Alternatively, you may regard the purpose of design to be to improve the world, not to get grandiose about it. Sure, the company needs to make money to survive, but the company only deserves to survive if its products actually make life better for the users. Both aesthetics and function improve a user’s life, so from this perspective, functionality may be compromised in a design if ultimately the design provides more total value to the user through its enhanced aesthetics.
The value of a design to users is correlated but not necessarily equal to buying behavior (and therefore revenue). The intent to purchase is a function of the customer’s perceptions of the design, which is not necessarily the same as to the degree the design in fact improves the user’s life. Users don’t always recognize what is best for them, especially if user research is limited to surveys and structured interviews. User satisfaction is not necessarily the same as user value. If the user thinks your app is faster, then they may be more likely to buy it. However, if the purpose of design is to make things better for the user, then what matters is whether the app is faster.
There no formula for calculating the value of a design from aesthetic and functional benefits to the user, but the degree you should compromise functionality for aesthetics depends on the context of use of the product; that is the characteristics of the users, the environment, and the task. Here are some broad guidelines:
Aesthetics are more important relative to functionality for consumer products than for business products. While business users like a pleasant place to work as much as a consumer, it’s usually more important for business users to complete their task efficiently and accurately than for consumers. When using a word processor, for example a spelling error in a contract is probably a greater embarrassment than in a letter to the user’s aunt (your aunts may vary).
Also in my experience, older users are more concerned with function and less concerned about aesthetics, especially fashion, than younger users. Maybe us old fogies realize we’ll never be fashionable anyway, so why bother? Meanwhile, older users are going to have less disposable time to learn new things, as well as having various performance degradations (e.g., poorer eyesight) that make such learning or using more onerous. I’m fine with my Cross pen now, but if I ever develop arthritis, I’ll be changing pens.
The more social the environment, the more important aesthetics become relative to functionality. In social environments, the appearance of the product transfers to the appearance of the user in direct relation to the proximity of the product to the user. Under such conditions, aesthetics earn double points for the user, being pleasing to the user directly and impressing others who see the user with the product, which also pleases the user. If the user is going to be seen with the product by friends or business associates, aesthetics matter more. If the user wears or carries the product, then aesthetics matter even more. For decades, various industries threatened and pleaded with workers to wear safety glasses. Then they made the glasses stylish looking, and workers were suddenly willing to wear them.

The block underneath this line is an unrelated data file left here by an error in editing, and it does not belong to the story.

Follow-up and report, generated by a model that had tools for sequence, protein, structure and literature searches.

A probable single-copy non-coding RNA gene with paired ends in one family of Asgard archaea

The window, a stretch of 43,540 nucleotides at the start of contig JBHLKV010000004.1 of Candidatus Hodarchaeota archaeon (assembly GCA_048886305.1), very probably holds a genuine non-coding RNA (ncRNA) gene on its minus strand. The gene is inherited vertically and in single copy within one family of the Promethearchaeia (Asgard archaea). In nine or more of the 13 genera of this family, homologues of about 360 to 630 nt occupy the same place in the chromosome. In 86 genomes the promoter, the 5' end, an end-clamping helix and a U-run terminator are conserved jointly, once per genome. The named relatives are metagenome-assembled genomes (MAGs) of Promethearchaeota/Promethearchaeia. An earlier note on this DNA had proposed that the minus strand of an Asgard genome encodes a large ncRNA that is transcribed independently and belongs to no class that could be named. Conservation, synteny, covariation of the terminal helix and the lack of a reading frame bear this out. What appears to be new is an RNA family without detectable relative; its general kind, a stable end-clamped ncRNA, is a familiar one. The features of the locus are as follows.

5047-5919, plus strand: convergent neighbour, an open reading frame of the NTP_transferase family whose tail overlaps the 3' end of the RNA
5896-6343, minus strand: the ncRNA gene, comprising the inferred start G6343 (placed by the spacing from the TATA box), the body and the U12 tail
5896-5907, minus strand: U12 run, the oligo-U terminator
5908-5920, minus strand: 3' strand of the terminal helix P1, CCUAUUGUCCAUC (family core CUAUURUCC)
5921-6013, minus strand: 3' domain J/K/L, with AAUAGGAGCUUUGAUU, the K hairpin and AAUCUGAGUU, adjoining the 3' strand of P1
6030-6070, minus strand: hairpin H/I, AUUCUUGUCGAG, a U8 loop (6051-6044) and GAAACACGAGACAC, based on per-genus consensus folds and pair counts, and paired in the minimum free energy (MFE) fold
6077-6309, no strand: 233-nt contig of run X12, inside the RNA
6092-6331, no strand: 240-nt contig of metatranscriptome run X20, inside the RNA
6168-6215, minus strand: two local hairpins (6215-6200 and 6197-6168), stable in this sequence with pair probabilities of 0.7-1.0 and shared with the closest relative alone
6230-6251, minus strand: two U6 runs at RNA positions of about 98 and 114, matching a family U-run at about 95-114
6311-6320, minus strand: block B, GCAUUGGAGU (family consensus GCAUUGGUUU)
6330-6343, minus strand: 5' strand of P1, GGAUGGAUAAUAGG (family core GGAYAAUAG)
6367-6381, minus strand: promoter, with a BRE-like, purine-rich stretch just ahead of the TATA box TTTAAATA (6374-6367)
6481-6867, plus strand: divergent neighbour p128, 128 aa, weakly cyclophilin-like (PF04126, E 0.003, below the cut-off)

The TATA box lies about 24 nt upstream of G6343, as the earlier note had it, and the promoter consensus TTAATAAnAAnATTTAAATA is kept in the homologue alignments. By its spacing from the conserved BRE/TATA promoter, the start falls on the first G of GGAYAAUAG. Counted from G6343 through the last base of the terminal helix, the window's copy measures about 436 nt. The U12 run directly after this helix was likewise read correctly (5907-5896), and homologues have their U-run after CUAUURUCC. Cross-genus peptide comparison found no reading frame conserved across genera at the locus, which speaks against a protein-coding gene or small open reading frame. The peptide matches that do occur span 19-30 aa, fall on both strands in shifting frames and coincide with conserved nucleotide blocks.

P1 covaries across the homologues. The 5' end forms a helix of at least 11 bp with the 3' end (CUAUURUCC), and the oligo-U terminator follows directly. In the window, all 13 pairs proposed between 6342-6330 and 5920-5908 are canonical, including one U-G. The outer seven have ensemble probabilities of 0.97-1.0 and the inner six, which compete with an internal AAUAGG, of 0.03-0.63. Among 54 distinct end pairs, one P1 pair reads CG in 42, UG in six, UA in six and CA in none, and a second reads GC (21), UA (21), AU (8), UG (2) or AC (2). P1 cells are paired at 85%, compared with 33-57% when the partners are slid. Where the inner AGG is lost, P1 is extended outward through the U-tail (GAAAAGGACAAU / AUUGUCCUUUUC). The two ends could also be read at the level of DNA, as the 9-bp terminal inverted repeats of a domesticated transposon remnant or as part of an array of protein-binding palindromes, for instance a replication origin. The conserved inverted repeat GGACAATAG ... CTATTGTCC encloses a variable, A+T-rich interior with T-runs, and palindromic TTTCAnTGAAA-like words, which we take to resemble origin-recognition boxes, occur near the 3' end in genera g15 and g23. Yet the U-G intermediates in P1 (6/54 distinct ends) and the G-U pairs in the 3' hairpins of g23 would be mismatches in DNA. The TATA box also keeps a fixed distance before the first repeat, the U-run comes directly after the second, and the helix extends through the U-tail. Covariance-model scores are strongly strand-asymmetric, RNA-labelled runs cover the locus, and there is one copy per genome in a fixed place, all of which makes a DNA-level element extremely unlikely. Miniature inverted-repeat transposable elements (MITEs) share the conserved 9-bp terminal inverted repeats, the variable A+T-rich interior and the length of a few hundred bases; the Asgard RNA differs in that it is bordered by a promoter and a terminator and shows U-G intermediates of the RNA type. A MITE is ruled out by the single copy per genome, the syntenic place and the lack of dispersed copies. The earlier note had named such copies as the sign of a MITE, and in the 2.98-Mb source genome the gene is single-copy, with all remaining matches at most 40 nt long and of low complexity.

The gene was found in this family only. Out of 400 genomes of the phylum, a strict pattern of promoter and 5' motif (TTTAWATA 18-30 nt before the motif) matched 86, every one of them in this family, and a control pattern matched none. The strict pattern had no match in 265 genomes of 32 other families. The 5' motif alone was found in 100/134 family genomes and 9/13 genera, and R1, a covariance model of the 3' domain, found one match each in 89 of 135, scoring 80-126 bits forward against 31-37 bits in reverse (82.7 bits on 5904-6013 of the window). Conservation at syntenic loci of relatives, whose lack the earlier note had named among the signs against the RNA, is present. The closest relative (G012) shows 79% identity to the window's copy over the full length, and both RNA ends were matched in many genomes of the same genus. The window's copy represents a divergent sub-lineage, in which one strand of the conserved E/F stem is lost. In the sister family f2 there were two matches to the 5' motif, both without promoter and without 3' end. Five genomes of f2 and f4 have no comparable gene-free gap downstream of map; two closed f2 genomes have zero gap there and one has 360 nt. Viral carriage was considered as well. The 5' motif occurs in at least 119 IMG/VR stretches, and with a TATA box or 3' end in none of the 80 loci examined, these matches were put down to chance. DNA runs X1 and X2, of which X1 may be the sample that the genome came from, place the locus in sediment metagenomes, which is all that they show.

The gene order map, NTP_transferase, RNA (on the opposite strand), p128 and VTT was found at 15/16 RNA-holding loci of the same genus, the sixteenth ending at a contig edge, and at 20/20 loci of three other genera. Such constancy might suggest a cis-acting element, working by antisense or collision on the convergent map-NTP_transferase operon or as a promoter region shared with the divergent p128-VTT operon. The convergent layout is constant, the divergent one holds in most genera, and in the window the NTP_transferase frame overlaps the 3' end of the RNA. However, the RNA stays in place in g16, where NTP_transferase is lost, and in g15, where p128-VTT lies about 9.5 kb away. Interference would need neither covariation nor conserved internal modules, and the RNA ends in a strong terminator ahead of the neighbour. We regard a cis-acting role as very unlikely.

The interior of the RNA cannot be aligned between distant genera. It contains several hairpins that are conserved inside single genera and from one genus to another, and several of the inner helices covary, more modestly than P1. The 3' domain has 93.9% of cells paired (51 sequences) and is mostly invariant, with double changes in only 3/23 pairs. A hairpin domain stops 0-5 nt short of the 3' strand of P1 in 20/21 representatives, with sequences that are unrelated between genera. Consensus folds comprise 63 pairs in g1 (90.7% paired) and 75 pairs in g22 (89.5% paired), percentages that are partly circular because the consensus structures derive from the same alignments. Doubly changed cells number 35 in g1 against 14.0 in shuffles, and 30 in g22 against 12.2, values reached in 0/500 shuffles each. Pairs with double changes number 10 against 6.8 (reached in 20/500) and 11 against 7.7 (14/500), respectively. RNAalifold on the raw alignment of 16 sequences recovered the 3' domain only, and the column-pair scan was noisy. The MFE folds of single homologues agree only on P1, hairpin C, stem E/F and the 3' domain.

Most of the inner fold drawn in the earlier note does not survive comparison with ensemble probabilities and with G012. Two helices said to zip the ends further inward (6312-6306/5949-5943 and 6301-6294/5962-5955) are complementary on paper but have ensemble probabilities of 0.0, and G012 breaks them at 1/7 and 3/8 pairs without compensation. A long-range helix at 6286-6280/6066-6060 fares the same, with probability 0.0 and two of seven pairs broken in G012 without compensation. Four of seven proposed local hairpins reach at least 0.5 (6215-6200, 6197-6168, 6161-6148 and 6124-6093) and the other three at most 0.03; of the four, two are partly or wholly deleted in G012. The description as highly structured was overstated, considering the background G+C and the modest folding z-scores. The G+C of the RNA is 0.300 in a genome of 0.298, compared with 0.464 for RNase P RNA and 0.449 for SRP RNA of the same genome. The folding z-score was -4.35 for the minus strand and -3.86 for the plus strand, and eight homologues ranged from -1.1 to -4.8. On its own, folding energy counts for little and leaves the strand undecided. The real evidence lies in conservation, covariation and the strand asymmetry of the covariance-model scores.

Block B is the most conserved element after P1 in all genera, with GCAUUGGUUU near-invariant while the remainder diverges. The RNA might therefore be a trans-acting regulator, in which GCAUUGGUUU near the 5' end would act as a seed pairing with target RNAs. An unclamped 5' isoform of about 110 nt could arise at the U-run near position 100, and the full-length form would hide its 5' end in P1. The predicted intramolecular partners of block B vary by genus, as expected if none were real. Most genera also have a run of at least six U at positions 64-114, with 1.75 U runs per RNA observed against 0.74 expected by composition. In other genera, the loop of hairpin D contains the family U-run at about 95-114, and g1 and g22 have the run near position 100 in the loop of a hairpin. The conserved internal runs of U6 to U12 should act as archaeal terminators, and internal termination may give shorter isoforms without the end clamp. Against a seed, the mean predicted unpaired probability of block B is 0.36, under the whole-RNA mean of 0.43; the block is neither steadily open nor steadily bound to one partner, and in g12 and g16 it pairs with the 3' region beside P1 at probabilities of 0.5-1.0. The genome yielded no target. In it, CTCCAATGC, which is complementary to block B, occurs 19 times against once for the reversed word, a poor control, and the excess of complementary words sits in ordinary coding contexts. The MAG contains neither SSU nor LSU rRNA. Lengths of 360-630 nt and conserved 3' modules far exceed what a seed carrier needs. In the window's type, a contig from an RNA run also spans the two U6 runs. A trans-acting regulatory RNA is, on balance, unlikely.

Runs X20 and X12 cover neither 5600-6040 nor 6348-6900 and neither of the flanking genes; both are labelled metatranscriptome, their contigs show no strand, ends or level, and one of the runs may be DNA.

The more demanding the physical environment, the less important aesthetics become relative to function. Function matters more if the product is going to be used under poor viewing conditions, or in heat or cold, or while the user is wearing bulky clothing, or under time pressure, or when fatigued. The Cross pen is fine for writing a few paragraphs or so, but if I’m going to spend eight hours scribbling notes from interviews or observations, then I reach for a thicker grippier pen that’s less wearing on my hand muscles.
The greater the interaction, the less important aesthetics are relative to functionality. Aesthetics is a sensory experience generally enjoyed passively, the user appreciating the sights, sounds, feel of the product. As the task shifts from providing output to the user to the user providing input to the product, such sensations make up a small proportion of the experience and may even distract the user from making the desired input. More interaction means more to learn about manipulating a product -more controls, more modes, more things a user can do. Making such learning easier becomes proportionally more important the more there is to potentially learn.
There’s not much interaction with a Cross pen. Other than knowing which end the write with, about the only input to learn is to twist the barrel to expose or retract the point, a nonstandard interface in a world where pushing a button is the more common input for such results. But given the limited and simple interactions supported, one can forgo for aesthetic reasons the traditional button, and even labels to indicate which way to twist for what. However, if a pen has four colors, a laser pointer, a flashlight (with six modes), a digital camera, and a divining rod, then it becomes more important to provide the conventional button at the end of the pen (among the many other controls) so I can reasonably guess out how write with the frigging thing. Likewise, static web pages, where all the user has to learn is what color represents a link, can make more allowances for aesthetics (including deviating from the once standard bright blue for links). However, web applications, with their richer interactions, can tolerate fewer allowances for aesthetics, and need to use standard-looking and standard-behaving controls.
Problem: Balancing aesthetic design with functional design.
- Recognize that functional and aesthetic designers ultimately have much in common.
- Recognize that some aesthetics, such as traditional rules for good form and references to metaphors, can enhance function.
- Keep aesthetics consistent with reality.
- Avoid chasing fashions.
- Compromise function for aesthetics for
- Consumers and younger users
- Products used in a strongly social environment, especially when the product is proximal to the user.
- Products used in undemanding physical environments.
- Simple products with minimal interaction.